This shared kaupapa was gifted by our Curriculum Voices Group. It sets out why we’re refreshing The New Zealand Curriculum, and lays down a vision that puts young people – their languages, cultures, identities, and strengths – at the centre of the refreshed curriculum.
Heading: The Refresh of The New Zealand Curriculum
Sub-heading: Get involved. Have Your Say. Be part of the change.
Heading: Why we’re refreshing The New Zealand Curriculum
Heading: Mā te huruhuru ka rere te manu
Adorn the bird with feathers so it may soar
Sub-heading: We want all ākonga to have the right to learn, develop and make progress in the things that matter to them now and for their future.
To do this – we need a curriculum that has a stronger focus on their wellbeing, identities, languages and cultures.
Heading: What is changing?
From the 2007 New Zealand Curriculum - Vision for young people
To the refreshed New Zealand Curriculum - A refreshed Te Tiriti-Honouring and Inclusive Curriculum Framework will be introduced. The Framework will include a whakapapa, a Vision for Young People - written by young people, for young people, and a purpose statement calling us to action with key shifts to ensure equity and inclusion for all ākonga.
From the 2007 New Zealand Curriculum - Curriculum levels and achievement objectives
To the refreshed New Zealand Curriculum - Designed to be cumulative – progressions replace curriculum levels and achievement objectives with five phases of learning. Each phase of learning contains progress outcomes
that describe what ākonga should Understand, Know, and Do at each phase of learning.
From the 2007 New Zealand Curriculum - Learning areas, mātauranga
Māori, key competencies, literacy and numeracy
To the refreshed New Zealand Curriculum - The refreshed NZC will be organised around the same eight learning areas and key competencies from the 2007 Curriculum. Mātauranga Māori will sit at the heart of the learning areas - with key competencies, literacy, and numeracy explicitly woven into each learning area.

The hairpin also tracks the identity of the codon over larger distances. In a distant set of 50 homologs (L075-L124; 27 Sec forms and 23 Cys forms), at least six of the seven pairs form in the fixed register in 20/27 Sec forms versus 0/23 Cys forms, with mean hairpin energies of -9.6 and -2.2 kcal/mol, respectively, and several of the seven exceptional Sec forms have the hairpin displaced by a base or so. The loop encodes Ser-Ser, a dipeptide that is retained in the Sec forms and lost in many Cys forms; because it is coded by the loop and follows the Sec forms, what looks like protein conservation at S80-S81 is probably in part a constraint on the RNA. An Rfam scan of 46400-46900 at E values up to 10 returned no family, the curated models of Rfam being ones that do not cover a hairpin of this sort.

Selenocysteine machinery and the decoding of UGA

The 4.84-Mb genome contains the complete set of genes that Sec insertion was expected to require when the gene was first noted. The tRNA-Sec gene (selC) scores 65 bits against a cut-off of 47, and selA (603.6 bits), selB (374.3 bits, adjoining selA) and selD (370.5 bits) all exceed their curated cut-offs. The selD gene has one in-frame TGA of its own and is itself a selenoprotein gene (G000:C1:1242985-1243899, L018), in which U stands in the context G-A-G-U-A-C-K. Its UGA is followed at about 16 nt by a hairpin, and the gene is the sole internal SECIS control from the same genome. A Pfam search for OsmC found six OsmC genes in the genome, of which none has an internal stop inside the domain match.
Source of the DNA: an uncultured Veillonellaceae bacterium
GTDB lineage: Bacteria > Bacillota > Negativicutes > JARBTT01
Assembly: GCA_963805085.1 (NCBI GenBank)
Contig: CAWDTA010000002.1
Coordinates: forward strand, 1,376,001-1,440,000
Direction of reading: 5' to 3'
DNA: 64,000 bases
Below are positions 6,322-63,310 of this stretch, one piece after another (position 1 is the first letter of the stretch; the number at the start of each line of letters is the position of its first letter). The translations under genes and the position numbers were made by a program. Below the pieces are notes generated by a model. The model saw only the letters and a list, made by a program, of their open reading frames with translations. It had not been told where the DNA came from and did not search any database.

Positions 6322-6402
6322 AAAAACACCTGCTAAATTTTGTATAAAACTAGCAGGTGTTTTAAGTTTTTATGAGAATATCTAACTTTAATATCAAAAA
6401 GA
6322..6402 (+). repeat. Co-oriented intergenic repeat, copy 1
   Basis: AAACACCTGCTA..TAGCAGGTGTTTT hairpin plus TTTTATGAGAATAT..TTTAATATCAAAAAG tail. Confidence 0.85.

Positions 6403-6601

Heading: A Te Tiriti-honouring and inclusive Curriculum Framework
Text: The refreshed Curriculum Framework will include a whakapapa, a refreshed purpose statement calling us to action, a Te Tiriti o Waitangi statement, and a refreshed Vision for Young People – written by young people, for young people.
Heading: Understand, Know, Do: A progression-focused Curriculum Model
Text: The refresh of The New Zealand Curriculum introduces Understand, Know, Do: A progression-focused Curriculum Model.
Designed to be cumulative and increasingly complex – the progression approach replaces year levels and achievement objectives with five phases of learning (Y1-3, Y4-6, Y7-8, Y9-10, Y11-13) These phases of learning are the signposts that guide the learning pathway.
Text: Each phase of learning contains progress outcomes that describe and will exemplify what ākonga should understand, know, and do at each phase of learning.
Ākonga deepen their understanding of the big ideas (understand) as they explore the context (know) using critical practices (do)
The three elements are woven together, and they create the learning all ākonga should get the opportunity to experience - the learning that matters.
Heading: Have your say in the refresh of The New Zealand Curriculum
Heading: Design | Feedback | | Explore | Implement
Heading: Feedback open now
Sub-heading: Have your say on the draft Curriculum Framework, and the Mathematics and Statistics and English learning areas
Sub-heading: Visit the Curriculum refresh web-page URL
Heading: Get involved. Have Your Say. Be part of the change.
Sub-heading: Curriculum refresh web-page URL